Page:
The three outfielders, Damon, Jones and Sheffield share some similarities. They all had their best day before coming to the Yankees, but were nonetheless valuable players during their years in the Bronx. They are also all very much on the Hall of Fame borderline. Damon is the easiest of the three as it his Hall of Fame case comes up a bit short. Damon has neither the peak performance or the career value needed for the Hall of Fame. In his best years, 2000 with the Royals, he only had 6.1 WAR. He only made one All Star Game and never finished higher than 13th in MVP balloting. Damon retired 231shy of 3000 hits, a magic number that all but guarantees Hall of Fame admission. The argument for Damon is that he had a long career and almost got 3000 hits. However, 231 is a lot of hits for an aging ballplayer with no real defensive value. By the time he retired following the 2012 season, no big league team was convinced that Damon was good enough to take up a roster spot, so he never got to 3000 hits. Had he reached that hallmark, he probably would have made it in, but he also would have been a different, and better, ballplayer. The career of the real Johnny Damon doesn’t quite meet the Hall of Fame standards.
The remaining two outfielders, Gary Sheffield and Andruw Jones, are both very unlikely to make it into the Hall of Fame, but are much stronger candidates than they appear at first glance. Sheffield seems like a pretty good ballplayer who should get a longer look because he managed, barely, to get 500 home runs. He also might be perceived as a bit of a journeyman because he played on eight teams over the course of his 22 year career, was always a very good player, but only occasionally a great one.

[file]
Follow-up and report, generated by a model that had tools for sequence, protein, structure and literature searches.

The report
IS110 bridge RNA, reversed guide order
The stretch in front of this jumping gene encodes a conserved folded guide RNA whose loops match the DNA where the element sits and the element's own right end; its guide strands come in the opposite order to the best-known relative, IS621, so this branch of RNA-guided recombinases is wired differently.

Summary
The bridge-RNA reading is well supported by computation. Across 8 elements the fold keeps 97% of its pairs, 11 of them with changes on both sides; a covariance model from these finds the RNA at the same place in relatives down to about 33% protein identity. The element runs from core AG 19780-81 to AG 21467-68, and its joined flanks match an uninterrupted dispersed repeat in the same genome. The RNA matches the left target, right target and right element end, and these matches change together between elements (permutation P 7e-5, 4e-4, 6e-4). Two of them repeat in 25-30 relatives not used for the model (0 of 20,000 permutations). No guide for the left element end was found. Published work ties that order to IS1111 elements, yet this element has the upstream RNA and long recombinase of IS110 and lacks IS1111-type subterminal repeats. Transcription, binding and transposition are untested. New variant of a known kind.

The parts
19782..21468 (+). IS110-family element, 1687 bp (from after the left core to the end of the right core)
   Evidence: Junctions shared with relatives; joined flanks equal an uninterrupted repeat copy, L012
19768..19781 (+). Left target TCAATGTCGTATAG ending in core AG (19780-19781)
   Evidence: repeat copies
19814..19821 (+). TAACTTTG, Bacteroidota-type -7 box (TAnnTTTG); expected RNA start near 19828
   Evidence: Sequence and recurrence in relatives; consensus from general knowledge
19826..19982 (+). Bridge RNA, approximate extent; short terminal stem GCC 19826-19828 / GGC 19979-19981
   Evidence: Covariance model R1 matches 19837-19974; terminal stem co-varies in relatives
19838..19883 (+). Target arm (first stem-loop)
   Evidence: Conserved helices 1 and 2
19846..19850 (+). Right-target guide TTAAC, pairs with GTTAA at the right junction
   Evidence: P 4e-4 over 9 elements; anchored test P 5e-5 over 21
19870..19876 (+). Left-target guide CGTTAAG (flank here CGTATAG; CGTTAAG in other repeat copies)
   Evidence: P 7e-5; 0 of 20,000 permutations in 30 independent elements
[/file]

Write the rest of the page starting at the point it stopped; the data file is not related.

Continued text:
Sheffield’s Hall of Fame candidacy should not rest on his 509 career home runs, but on his status as one of the game’s truly elite hitters. The simplest way to understand this is that in the history of the game, there have only been 36 players with an OPS+ of 135 or more over a the course of a career that included 9000 or more plate appearances. These are the players who could sustain essentially consistently all-star lever hitting numbers over a long major league career. Of those 36, 10 are either active, on the ballot, not yet eligible for the HoF or suspected to be PED users. The remaining 26 are all in the Hall of Fame. This is not a question of selective endpoints because with an OPS+ of 140 and almost 11,000 plate appearances, Sheffield clears both these thresholds easily. In fact only 11 players ever had more plate appearances and an OPS+ equal to or better than Sheffield’s.